According to this simplified model, the transmittance of the structure results to be15] that actually the model fails if |εm| is low and/or the slit width is very small with respect to the wavelength of the incident light, since these situations correspond to high penetration of the fields in the metal and the plasmonic contributions to the fields are relevant. In our case of |εm|~46, problems arise when the slit width is lower than 10% of the wavelength of incident light. The main deviation from the simple model is found in the propagation constant of the fundamental waveguide propagating mode inside the slits whose effective wave vector results to be higher than the vacuum wave vector. The effect can be taken into account assuming the presence of an effective medium inside the slits with proper refractive index Neff. Following the results found by Sturman et al. , we took an effective refractive index Neff = C/a + 1, being a the slit width, with an optimal constant C of about 30nm.
Equation (1) allows to identify the main features of the optical response of the 1D plasmonic grating that turn out to be the following:
- 1) Cavity mode (CM) resonances. These resonances result from the multiple scattering of the single propagating mode inside the slits. The mode is partially reflected and transmitted at the slit ends. When the phase difference ftot between the waves transmitted in the substrate is a multiple of 2p, a peak in transmittance is observed, like in a Fabry-Perot resonator. The interesting fact is that, when this resonance takes place, a great fraction of the incident light is channeled within the slits and is transmitted in the substrate (Fig. 2.a). This phenomenon is commonly referred as Extraordinary Optical Transmission (EOT) [11–14,16–20].
- 2) Surface Plasmon Polariton (SPP) resonances. SPPs are surface EM waves which propagate at a metal-dielectric interface and are evanescent in the normal direction (Fig. 2.b). They are excited in a 1D grating when the in-plane component of the incident p-polarized radiation and that one of the scattered waves sum up to match the SPP momentum, i.e.
- 3) Wood-Rayleigh anomalies (WR) . Abrupt changes in transmittance as a function of period are observed in configurations for which a diffraction order lies in the plane of the grating (Fig. 2.c), i.e. at periods dn = nλ/N, being N the refractive index of the dielectric medium. These configurations mark a discontinuity since for d>dn the n-th diffraction order does exist while for d<dn it does not. It is generally accepted that the peak in transmission is due to the abrupt redistribution of energy among the allowed orders passing through the d = dn configurations . WR anomalies are not resonant phenomena but rather are due to pure geometrical reasons and are fully independent of CM and SPPs.
It is worth noting that CMs are local resonances, since they would appear as well in a single illuminated slit without any periodicity . On the other hand SPPs are global resonances since they can exist thanks to the coherent periodicity of the structure . As many authors pointed out, however, CMs and SPPs are not independent each other . Actually one should better speak of a hybrid mode which presents both CM and SPP resonant characteristics. The SPP character dominates the transmission properties of the grating as the pitch gets proximate to one of those satisfying Eq. (2). On the other hand the EOT efficiency is greatly enhanced in presence of a periodic structure .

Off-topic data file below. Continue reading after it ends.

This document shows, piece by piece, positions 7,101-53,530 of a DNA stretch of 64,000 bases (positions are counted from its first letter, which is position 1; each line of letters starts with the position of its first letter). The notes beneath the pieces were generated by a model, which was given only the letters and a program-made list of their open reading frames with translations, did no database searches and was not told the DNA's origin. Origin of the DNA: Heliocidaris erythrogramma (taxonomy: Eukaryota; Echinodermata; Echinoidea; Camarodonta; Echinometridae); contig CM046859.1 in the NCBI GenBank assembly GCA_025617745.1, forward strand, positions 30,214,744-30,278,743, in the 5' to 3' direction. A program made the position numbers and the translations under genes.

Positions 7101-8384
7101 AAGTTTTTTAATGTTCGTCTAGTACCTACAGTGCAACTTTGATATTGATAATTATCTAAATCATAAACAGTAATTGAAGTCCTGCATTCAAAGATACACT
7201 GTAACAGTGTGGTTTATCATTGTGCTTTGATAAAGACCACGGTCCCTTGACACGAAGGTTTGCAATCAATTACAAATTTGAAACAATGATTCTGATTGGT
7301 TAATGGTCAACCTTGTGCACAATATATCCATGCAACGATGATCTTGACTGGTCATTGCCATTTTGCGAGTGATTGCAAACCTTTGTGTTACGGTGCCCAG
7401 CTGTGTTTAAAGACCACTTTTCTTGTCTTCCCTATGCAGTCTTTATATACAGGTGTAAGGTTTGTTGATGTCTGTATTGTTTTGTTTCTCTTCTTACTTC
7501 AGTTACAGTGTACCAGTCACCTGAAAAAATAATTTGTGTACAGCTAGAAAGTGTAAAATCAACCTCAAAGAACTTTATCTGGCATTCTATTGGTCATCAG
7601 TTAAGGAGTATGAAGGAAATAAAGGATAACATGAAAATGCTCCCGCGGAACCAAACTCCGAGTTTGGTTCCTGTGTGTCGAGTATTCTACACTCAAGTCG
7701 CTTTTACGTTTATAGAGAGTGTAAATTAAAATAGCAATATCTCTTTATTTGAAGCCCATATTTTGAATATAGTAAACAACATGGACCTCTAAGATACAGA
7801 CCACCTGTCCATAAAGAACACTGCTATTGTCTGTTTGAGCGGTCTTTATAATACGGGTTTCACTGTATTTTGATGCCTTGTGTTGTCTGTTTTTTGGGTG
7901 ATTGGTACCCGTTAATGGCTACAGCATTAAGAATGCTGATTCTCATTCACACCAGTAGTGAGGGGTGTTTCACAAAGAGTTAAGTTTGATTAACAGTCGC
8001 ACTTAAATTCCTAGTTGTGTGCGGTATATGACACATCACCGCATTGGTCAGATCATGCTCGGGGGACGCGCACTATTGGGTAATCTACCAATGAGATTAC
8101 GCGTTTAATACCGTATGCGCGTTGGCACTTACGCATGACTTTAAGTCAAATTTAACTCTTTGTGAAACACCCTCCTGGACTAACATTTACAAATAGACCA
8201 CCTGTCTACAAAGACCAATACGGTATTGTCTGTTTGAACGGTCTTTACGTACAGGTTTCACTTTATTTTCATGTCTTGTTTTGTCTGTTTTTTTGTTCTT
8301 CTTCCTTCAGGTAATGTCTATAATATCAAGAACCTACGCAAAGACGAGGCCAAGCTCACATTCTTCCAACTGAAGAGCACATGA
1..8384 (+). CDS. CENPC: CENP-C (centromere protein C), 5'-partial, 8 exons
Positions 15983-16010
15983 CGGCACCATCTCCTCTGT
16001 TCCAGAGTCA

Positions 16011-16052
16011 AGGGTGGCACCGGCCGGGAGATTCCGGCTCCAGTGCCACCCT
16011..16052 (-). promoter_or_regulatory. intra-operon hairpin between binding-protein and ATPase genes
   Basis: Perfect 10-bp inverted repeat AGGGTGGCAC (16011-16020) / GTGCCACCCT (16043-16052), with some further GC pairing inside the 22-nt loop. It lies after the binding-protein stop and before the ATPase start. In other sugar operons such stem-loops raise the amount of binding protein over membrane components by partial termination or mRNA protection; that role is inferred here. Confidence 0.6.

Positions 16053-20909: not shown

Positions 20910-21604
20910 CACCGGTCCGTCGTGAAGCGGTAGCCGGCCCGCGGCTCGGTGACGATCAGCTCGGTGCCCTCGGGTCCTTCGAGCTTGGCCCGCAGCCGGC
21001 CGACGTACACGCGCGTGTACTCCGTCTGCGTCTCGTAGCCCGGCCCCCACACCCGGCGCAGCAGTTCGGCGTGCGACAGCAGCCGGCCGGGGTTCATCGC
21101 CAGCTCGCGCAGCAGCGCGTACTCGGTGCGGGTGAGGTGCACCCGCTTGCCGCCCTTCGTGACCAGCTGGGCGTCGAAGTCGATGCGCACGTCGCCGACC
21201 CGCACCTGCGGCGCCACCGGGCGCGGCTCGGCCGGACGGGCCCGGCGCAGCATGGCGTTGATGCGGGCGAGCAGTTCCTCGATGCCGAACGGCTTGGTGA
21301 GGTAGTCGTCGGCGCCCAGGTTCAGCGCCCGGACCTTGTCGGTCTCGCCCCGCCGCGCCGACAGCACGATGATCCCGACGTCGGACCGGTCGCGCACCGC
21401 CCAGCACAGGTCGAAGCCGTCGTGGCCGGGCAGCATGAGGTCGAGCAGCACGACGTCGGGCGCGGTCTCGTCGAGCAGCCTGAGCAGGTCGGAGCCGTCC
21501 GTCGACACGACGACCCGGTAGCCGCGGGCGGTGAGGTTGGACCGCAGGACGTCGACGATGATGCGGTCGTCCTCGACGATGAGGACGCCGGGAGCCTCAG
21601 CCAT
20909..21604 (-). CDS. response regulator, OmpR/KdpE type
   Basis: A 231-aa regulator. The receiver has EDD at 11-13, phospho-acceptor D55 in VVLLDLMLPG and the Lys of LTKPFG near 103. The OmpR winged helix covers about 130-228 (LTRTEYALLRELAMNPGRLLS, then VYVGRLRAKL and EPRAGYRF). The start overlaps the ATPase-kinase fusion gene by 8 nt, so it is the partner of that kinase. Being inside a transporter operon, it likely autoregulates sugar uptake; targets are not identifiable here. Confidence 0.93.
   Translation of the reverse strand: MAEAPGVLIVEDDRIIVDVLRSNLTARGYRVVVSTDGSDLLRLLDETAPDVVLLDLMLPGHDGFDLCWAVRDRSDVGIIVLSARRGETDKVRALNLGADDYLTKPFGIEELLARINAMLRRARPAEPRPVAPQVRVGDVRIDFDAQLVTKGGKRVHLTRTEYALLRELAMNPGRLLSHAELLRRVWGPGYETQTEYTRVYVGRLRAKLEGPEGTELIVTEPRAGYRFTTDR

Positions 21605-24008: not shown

4. Results and discussion
In Fig. 3 we report the resulting maps of transmittance and of absorption within 300nm in Silicon obtained with FEM. The values are normalized to the case of purely absorbing Silicon substrate coated with a perfect anti-reflection coating providing unitary transmittance. Resonant (h,d) configurations predicted by the semi-analytical model are reported as well (see caption of Fig. 3 for details). The periods chosen for the simulation are smaller than the wavelength of incident light. In the Silicon substrate, however, λ0/NSi ~ 278nm, so that diffractive effects are present.
Looking at the transmittance map (Fig. 3.a) we see that cavity modes resonances (black lines) are clearly associated with an enhanced transmission in the (h,d) configurations far from the SPP resonant ones (grey lines) in which the dominant SPP character determines a transmission extinction. In order to facilitate the resonances identification, in this computation we have chosen a slit-to-period ratio of only 10%. Notwithstanding the small opening fraction, the maximum transmittance value obtained for h = 184nm, d = 340nm is as high as 0.68, reaching the value of bare Silicon. Considerably larger transmittances can be obtained optimizing the duty cycle (for h = 184nm d = 340nm, a maximum transmittance of 0.94 is obtained with a duty cycle of 31%)
Cavity modes are also correlated to absorption enhancements. Within 300nm in Silicon (Fig. 3.b), the largest enhancements (up to 350%) are obtained when both the conditions for SPP and cavity mode excitation are satisfied at the same time (at the crossing between gray black lines). In these configurations CM resonances canalize the whole incident power into an SPP mode rather than into a z-propagating mode, giving rise to an extraordinary SPP (Fig. 2.b). By conversion in Fig. 2.a it is shown the typical much weaker field enhancement in a configuration where only CM is excited without SPP resonant coupling. Looking at the absorption profiles (Fig. 4.a) we observe that, in strongly SPP-CM-resonant configurations (black line), most of the enhancement is confined in the metal proximity and decays exponentially within the typical plasmonic decay length  ~100nm. The enhancement factor can be up to 30 times in the first 30nm of Silicon.